Wednesday, July 15, 2009

the church as culturemaker? yeah? right?

(This is the introduction for the paper I’m delivering at the International Conference on Baptist studies, July 15-18 in Melbourne.)

The story is true, but the names are changed in order to focus on the question at hand, that of the interface between Baptists and others. In 1995, members of First Baptist, began to murmur. As a church in the city centre, they owned, through a Trust, nearby property. A long term tenant was of foreign descent and had, in recent times, began to display their gods in the shop front window. Prayer among church members began to focus on the need to remove the idols, and the shopkeeper, from the building. This is one response, that of condemnation and critique, in a Baptist relationship with an/other, both ethnic and religious.

Down the street was “Fresh expression” Baptist Church. Formerly a dying City Mission, a new minister had begun to experiment with liturgical and ecclesial innovation. Contemporary culture was to viewed in a more positive light and a growing group of young adults had began to gather. Both churches were Baptist in name and shared over 100 years of history in the inner city. Yet both churches embody contrasting approaches to the interface between Baptists and others.

Andy Crouch, in his accessible book, Culture Making, summarises a range of contemporary stances toward culture:
– condemnation
– critique, with the emphasis on intellectual analysis of culture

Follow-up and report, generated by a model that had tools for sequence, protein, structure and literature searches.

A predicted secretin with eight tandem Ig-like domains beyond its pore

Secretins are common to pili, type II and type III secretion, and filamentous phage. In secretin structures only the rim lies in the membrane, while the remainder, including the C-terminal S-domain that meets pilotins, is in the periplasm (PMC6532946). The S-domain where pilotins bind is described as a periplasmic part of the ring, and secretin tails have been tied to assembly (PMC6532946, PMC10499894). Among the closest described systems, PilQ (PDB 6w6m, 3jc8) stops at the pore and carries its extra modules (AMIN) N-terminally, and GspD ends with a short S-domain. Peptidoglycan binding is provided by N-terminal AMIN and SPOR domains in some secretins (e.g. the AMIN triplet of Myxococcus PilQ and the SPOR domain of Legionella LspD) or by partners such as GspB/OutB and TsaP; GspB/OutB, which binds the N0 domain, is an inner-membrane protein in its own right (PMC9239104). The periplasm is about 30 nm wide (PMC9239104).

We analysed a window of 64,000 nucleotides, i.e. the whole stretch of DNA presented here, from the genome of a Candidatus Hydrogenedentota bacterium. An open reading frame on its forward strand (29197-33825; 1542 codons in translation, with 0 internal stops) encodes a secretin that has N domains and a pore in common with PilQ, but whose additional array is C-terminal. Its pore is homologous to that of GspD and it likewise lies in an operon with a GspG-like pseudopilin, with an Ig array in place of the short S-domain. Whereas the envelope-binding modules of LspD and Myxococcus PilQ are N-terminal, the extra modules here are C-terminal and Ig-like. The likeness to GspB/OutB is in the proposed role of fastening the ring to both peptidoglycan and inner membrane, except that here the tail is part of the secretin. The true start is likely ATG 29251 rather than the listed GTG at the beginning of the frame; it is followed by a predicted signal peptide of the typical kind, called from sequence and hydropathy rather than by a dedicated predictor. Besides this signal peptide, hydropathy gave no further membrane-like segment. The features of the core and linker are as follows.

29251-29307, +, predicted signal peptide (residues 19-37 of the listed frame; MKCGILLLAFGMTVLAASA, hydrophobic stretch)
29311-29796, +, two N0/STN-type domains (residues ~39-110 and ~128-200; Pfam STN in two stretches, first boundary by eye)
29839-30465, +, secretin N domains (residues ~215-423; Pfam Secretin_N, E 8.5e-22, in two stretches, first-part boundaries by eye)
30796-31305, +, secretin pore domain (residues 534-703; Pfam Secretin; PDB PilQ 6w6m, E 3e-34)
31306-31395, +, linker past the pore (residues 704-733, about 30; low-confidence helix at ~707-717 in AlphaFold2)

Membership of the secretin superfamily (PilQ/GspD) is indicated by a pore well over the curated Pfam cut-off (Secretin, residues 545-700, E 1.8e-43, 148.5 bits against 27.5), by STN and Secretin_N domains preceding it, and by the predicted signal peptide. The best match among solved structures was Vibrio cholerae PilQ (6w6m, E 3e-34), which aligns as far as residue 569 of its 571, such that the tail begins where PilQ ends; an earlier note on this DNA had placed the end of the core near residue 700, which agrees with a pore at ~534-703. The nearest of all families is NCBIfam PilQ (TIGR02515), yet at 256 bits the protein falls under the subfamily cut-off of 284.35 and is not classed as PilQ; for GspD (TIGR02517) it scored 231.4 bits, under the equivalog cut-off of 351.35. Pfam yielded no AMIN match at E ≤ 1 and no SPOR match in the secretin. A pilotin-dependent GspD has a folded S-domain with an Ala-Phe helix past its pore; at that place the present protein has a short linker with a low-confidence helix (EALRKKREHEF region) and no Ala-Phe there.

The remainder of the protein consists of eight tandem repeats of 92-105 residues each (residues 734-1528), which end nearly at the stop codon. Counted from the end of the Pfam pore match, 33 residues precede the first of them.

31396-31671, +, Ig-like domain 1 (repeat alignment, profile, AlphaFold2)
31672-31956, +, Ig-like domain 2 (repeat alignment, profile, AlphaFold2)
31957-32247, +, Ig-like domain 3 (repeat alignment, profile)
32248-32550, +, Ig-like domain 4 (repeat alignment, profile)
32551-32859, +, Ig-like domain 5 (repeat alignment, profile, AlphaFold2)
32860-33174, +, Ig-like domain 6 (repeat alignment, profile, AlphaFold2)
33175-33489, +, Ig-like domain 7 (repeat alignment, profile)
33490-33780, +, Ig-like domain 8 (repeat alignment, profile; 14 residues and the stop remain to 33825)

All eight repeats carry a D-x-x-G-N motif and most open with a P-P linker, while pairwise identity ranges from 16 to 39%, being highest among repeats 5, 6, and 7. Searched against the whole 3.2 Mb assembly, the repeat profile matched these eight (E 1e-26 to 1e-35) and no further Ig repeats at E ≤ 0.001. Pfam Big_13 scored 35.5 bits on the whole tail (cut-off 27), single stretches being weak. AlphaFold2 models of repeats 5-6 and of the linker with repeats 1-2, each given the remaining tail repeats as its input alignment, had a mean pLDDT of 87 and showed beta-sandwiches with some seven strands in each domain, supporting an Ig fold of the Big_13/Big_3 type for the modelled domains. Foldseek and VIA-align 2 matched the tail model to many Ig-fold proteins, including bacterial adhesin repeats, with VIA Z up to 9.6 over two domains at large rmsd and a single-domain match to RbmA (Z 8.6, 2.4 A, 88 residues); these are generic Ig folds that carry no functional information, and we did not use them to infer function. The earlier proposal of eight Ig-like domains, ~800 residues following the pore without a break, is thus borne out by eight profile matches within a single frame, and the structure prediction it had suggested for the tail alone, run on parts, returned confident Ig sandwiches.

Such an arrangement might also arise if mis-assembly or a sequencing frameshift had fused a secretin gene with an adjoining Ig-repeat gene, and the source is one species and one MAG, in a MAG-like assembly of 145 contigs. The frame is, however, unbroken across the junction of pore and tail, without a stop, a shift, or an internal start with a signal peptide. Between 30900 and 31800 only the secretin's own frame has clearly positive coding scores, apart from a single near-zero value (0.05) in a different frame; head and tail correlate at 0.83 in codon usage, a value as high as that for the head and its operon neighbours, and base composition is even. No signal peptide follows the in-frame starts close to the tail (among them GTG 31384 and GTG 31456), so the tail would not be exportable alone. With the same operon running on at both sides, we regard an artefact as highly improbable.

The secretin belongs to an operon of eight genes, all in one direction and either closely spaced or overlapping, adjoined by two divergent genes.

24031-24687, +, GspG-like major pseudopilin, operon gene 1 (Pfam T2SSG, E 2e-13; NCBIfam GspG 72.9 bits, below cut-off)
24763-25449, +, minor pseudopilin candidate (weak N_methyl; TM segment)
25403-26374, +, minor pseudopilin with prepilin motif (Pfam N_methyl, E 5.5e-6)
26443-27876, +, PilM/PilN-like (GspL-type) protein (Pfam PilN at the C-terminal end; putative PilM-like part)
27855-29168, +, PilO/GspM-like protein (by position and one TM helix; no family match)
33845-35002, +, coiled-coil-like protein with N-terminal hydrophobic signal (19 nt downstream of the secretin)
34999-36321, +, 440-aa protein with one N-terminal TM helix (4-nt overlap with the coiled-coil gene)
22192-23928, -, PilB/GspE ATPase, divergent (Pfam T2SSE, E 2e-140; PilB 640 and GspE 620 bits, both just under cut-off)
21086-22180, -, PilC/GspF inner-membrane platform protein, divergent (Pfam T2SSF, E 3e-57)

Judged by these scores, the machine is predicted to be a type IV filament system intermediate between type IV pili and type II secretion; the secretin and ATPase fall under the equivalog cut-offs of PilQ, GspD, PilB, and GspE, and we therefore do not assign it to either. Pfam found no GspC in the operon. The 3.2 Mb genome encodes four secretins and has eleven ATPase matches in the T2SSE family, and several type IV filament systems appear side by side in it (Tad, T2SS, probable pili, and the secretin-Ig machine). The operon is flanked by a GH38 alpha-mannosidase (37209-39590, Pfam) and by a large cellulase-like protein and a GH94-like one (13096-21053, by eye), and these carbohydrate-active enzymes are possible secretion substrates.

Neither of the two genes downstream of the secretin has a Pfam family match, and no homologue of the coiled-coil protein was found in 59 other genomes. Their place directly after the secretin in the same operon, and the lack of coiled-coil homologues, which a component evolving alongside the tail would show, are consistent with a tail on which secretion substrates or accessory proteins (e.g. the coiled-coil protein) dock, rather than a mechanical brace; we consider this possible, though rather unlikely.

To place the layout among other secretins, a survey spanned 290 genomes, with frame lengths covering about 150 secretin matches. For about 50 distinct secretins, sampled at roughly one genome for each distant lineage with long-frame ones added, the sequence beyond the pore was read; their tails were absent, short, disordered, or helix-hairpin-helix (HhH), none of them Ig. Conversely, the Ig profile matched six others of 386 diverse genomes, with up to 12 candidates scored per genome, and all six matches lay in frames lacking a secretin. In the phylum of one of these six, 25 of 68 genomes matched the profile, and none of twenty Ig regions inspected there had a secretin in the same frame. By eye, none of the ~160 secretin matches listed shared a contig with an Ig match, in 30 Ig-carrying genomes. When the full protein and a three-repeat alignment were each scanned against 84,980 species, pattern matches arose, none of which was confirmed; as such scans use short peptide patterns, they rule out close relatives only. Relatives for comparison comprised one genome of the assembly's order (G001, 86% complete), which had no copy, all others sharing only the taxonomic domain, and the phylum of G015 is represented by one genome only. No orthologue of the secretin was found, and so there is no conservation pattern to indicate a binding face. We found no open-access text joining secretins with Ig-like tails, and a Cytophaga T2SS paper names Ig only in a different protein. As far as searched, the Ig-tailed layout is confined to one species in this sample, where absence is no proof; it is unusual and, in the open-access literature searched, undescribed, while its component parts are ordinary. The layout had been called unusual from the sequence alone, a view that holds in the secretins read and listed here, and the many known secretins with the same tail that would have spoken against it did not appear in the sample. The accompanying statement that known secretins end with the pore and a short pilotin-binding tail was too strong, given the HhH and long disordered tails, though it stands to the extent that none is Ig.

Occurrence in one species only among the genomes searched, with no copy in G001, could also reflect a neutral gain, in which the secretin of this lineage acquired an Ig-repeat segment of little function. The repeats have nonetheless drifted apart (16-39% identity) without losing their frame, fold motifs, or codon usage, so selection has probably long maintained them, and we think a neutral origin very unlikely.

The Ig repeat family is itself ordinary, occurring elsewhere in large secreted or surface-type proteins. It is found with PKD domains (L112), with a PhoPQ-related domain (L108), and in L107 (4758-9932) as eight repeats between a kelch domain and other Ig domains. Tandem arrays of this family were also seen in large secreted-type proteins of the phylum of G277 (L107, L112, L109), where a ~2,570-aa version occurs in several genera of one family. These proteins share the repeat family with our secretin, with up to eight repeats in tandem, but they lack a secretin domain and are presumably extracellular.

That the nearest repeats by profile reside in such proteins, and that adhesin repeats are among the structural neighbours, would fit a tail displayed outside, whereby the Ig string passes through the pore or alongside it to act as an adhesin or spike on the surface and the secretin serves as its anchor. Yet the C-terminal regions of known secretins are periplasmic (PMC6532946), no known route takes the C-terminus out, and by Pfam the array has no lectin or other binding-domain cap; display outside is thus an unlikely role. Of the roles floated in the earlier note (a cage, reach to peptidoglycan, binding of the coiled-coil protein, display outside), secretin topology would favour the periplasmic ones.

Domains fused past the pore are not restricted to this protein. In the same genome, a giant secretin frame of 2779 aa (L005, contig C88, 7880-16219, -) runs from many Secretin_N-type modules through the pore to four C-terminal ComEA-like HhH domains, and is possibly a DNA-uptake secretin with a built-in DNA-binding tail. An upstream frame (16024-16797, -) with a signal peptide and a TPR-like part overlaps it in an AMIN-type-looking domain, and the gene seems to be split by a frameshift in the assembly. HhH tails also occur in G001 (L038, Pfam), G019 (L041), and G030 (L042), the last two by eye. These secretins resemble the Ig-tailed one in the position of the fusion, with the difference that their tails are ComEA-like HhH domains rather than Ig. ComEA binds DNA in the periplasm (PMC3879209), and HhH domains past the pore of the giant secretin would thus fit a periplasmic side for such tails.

– copying culture, in which a subculture develops around the imitation of forms from contemporary culture
– consuming, in which “most evangelicals today … simply go to the movies … [and] … walk out amused, titillated, distracted or thrilled, just like our fellow consumers who do not share our faith.” (89)
– creating
Crouch argues that the first four are problematic and that the “only way to change culture is to create more of it.”

Posted by steve at 10:36 AM


  1. Are not culture and religion two different things? The example you give is of a person expressing his religion. So there is a spiritual matter that presents itself.

    Comment by Ingrid — July 15, 2009 @ 11:06 am

  2. separate but entwined. the way religion and spirituality are expressed is always through culture – embedded in language, worldview, forms of expression.


    Comment by steve — July 15, 2009 @ 11:11 am

  3. “only way to change culture is to create more of it” ??? I’d say rather, create something better, but that is hard. And it probably would not change anything much, because like attracts like. If culture is defined by what most people like, I don’t know if most people would like what is better.

    Comment by Ingrid — July 15, 2009 @ 11:22 am

  4. What I have posted is the first few paragraphs of a 5,000 word paper. It’s the introduction, the teaser 🙂

    A Bible text that has been shaping it is Genesis 2 – humans made to till and to name; to till is an act of repetitive hard work, to name is creativity. Both are important, both allow us to partner with God in Your Kingdom come, Your will be done


    Comment by steve — July 15, 2009 @ 11:33 am